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'No more music CDs without copy protection,' claims BMG unit
And there's nothing wrong with ours, it's the hardware people who're screwing up
Faced with adverse publicity to copy protection on CDs, a year ago Bertelsmann Music Group bravely gave in and promised to replace a clutch of Natalie Imbruglia CDs which were protected by Midbar's Cactus Data Shield. But a year is a long time, BMG is at it again, this time apparently set on applying copy protection to all its music products.
Not, of course, that this should be surprising. The music companies are absolutely intent on copy-proofing their products, and although they'll maybe retreat a little when irate consumers pelt them with ordure, they'll be right back just as soon as the heat dies down. And here's how this process is working in BMG's case.
A few weeks ago reader Simon Barber accidentally bought a copy of Paradise Lost's Symbol of Life with Cactus Data Shield on it. The CD was marked with the Compact Disc logo (although Philips, custodian of this standard, has objected to its use on copy-protected CDs) and also had a small print 'health warning' claiming the CD conformed to the Red Book standard and was playable on standard home CD players.
Being a troublemaker Simon didn't try to get his money back from the retailer but attacked BMG directly. BMG's first line of defence on copy protection is here, where you'll find explanations, self justifications and a mail form for all European territories. The UK version (and indeed the French – that'll annoy them) says “BMG too sees itself obliged to protect future releases by implementing a copy control system” and “BMG will be using copy control technology for digital media as has been used for a long time with comparable media such as computer software, video games and DVDs.”
This is a clear commitment to 100 per cent copy protection, and once implemented will no doubt ease the workload of the various 'corrupt CD' identification sites considerably. Ah, but what if you have a problem playing the CD? “If you can't play the BMG product on your player please contact your dealer or the responsible person at BMG under (email address of the responsible person).”
We're sure it makes more sense in German. If you fill in the form and send it off to who knows where, this is what you get from the BMG Kopierschutz Team (typos left in):
“we are sorry you have troubles with our copy protection technology. The copy protection reacts on the special new technology that is build in in burners. Unfortunately htis technics was built in many new CD players, even if they can't copy a cd.
“The copy protection yet does not recognize wheather that burner technics is build in a cd player or in a burner. That's why the cd playern might not play a copy protected CD. Since burner technics are also built in car radios, this may be the reason, why you can't listen to a copyprotected cd in your car.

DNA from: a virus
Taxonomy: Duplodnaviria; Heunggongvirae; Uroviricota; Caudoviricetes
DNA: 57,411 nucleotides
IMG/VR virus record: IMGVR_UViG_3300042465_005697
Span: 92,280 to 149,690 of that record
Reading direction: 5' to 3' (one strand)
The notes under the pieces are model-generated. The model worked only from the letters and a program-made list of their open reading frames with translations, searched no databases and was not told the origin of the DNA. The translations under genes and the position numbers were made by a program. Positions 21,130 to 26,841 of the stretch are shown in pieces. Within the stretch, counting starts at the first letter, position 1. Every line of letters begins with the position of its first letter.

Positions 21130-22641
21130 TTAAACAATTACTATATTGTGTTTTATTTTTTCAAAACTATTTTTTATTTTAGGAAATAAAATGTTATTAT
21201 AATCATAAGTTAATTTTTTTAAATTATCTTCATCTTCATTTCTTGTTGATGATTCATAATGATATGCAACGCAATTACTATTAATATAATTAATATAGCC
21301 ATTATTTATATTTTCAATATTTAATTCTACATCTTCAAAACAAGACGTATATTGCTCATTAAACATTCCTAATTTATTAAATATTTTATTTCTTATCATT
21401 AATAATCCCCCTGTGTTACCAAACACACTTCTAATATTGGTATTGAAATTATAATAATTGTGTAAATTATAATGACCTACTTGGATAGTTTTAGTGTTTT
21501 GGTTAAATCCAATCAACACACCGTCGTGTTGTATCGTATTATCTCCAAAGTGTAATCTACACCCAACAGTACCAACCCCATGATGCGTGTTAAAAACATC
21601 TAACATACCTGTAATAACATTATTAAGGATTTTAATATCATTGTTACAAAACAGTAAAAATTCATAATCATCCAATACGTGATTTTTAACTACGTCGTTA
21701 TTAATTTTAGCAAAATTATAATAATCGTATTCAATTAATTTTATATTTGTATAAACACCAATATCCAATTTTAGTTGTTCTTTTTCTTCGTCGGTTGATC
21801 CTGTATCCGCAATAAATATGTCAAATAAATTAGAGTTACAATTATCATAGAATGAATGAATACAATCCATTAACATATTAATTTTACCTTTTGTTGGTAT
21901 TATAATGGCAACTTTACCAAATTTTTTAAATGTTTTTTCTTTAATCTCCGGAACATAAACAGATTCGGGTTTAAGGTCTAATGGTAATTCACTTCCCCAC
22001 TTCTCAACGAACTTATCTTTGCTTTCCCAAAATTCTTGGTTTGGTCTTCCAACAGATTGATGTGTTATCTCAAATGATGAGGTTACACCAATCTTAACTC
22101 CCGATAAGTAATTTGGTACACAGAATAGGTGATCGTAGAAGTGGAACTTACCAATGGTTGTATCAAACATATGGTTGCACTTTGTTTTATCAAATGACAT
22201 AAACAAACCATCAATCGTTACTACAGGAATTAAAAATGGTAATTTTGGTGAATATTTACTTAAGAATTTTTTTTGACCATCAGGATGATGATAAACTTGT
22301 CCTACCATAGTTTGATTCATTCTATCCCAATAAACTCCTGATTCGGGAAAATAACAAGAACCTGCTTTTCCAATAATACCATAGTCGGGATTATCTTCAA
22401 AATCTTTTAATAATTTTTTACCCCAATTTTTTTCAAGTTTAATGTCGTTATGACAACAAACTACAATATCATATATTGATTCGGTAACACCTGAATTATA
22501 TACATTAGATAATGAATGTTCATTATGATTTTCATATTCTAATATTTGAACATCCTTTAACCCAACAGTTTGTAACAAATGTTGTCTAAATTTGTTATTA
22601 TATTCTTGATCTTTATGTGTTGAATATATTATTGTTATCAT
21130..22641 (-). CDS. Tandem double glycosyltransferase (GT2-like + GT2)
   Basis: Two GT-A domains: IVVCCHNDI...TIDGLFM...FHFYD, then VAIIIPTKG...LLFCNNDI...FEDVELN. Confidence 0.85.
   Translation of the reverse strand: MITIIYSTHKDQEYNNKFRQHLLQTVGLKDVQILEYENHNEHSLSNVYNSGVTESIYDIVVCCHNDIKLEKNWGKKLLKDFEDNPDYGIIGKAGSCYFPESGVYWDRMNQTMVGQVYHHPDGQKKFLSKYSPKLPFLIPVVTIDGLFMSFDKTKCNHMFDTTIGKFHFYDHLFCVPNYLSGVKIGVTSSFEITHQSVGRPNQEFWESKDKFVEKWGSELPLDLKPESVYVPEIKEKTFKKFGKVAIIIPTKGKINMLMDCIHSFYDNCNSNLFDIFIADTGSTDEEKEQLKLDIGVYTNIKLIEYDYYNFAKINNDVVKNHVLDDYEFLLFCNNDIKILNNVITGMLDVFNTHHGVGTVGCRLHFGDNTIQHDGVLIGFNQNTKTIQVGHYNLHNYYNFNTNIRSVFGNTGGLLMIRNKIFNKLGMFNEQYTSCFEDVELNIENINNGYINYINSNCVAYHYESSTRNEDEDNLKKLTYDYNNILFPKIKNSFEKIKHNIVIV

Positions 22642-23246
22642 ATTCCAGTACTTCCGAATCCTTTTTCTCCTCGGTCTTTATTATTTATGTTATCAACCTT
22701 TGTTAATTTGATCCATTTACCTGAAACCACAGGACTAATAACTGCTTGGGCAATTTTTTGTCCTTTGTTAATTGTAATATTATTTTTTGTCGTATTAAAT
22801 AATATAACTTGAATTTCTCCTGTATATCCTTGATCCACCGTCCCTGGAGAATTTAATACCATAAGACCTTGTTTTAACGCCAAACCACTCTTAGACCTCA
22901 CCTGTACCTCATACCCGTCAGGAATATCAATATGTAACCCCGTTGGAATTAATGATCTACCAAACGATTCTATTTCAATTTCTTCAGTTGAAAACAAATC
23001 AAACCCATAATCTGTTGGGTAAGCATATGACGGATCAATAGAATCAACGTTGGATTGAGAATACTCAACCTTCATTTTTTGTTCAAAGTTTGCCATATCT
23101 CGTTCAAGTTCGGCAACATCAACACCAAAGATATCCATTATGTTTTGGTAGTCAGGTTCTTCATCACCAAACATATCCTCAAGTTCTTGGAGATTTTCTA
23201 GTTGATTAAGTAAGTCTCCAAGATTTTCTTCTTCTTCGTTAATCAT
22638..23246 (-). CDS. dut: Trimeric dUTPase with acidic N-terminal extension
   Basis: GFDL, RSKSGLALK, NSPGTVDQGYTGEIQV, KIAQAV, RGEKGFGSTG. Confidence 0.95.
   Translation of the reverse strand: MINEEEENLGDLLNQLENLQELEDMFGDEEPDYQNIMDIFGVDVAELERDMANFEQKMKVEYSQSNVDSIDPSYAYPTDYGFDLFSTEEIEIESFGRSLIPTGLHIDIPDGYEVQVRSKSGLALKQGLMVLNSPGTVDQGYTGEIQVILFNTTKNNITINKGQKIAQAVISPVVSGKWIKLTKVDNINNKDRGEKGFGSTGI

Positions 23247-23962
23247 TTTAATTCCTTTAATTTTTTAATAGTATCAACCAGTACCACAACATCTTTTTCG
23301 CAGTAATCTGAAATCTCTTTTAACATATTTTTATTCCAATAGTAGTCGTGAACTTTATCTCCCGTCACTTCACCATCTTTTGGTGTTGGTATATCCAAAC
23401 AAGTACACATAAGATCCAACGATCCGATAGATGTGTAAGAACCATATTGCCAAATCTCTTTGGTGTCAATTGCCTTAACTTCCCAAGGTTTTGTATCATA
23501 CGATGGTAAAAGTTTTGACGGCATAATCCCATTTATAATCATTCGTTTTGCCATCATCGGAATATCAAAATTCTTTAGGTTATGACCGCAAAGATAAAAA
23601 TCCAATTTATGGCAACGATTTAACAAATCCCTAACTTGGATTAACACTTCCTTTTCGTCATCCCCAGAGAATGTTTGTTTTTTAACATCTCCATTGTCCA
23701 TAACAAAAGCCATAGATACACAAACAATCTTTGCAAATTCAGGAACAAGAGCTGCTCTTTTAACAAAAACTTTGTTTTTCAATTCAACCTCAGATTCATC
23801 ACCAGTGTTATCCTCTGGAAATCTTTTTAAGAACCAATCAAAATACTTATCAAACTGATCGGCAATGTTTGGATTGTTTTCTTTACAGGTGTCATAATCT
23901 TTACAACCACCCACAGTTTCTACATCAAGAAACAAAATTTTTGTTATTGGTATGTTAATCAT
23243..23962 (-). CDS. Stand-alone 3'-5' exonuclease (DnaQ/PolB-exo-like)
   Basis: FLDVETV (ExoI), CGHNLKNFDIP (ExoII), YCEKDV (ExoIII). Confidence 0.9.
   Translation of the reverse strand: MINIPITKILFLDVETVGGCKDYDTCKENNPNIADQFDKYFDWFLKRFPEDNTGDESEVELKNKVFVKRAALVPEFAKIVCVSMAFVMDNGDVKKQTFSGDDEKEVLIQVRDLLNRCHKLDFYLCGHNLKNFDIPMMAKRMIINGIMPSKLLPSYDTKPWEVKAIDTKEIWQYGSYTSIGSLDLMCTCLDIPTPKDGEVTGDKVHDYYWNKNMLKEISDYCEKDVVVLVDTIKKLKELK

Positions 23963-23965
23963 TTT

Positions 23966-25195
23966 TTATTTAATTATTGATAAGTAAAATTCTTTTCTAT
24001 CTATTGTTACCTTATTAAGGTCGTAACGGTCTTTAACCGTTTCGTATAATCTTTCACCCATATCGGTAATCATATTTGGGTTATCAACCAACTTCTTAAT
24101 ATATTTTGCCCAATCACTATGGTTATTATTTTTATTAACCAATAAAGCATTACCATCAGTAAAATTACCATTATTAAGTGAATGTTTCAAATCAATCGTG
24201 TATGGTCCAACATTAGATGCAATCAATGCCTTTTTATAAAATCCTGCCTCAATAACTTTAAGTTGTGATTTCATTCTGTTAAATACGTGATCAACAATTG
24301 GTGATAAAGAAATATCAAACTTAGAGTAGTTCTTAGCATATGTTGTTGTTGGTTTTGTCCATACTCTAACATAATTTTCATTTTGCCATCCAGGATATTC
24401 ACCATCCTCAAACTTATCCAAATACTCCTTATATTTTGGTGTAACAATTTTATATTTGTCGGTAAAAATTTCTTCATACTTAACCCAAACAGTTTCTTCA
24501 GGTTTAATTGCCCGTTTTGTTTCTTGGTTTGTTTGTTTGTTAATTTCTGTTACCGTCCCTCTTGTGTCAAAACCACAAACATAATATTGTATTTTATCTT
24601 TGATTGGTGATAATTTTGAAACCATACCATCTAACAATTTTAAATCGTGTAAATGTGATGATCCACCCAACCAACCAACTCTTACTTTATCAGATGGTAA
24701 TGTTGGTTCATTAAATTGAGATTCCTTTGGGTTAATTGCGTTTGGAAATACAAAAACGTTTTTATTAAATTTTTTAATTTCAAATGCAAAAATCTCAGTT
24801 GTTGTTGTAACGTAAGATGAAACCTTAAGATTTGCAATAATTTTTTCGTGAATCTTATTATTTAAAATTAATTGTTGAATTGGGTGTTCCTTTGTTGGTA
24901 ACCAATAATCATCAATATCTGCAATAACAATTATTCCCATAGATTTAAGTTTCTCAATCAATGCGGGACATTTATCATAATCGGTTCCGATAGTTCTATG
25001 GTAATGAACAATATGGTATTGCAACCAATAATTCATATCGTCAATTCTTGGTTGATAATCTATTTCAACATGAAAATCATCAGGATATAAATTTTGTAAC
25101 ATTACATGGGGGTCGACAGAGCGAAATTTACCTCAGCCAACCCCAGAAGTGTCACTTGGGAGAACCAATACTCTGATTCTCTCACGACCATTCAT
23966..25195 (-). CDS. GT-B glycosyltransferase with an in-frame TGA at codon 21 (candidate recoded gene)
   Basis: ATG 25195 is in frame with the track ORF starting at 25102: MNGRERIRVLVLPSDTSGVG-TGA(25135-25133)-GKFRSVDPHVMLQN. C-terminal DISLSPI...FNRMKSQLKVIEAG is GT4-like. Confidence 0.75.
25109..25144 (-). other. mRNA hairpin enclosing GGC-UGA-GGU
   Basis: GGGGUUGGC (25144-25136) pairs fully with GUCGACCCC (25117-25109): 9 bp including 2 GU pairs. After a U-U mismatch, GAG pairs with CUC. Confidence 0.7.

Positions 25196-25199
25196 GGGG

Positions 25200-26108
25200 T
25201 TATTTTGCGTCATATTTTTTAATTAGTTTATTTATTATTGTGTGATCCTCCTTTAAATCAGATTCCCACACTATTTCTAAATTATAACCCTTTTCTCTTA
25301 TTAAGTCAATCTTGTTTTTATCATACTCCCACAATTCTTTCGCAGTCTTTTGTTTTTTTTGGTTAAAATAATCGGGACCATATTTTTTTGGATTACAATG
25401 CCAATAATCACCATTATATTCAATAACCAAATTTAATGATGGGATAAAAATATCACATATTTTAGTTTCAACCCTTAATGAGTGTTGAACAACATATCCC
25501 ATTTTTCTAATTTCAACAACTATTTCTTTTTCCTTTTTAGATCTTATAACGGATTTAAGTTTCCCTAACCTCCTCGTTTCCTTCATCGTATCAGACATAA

“As far as we were adviced, our copy protection is according to the Red Book Standart as well as all labelling on the cd.
“A standart home CD player is one that has no burner technics built in. Our Cds play on all Cd players without burner technics.
“There will be no cd manufactured without copyprotection any more.”
Kind of makes you wish you hadn't asked, doesn't it? Our intrepid investigator, for the record, had asked about the use of the Compact Disc logo, and for information about where he could obtain “a disc that actually adheres to the Red Book standard.” Picking apart the response, it would seem that the boys in Kopierschutz hold that there's no labelling problem, that it's all the fault of the dummies who build the audio units, that the CD is fully Red Book compliant, and that you can't get one without copy protection. Indeed, in that last sentence they're claiming you won't be able to get anything without copy protection.
This is not strictly true – yet. We're told the US version of Symbol of Life will be out, without protection, in a couple of weeks, so the correct answer Kopierschutz neglected to give is, take the dodgy one back to the shop then buy the US version.
But you can understand their difficulties. If BMG is seen as experimenting on Europeans while leaving truculent Americans for another day, it might be subject to a certain amount of adverse publicity, and sales of the local market products might just collapse.
Cactus Data Shield producer Midbar, incidentally, announced this week that it was merging with Macrovision, which also said it was acquiring the copy protection assets of TTR Technologies, which developed SafeAudio. So there's a trend towards consolidation in the protection racket. If you've read the BMG information page on copy protection, you'll have noted that the company is evaluating schemes with Sonopress. Sonopress publishes a handy comparison of these technologies here. Sonopress is a division of Bertelsmann Arvato AG.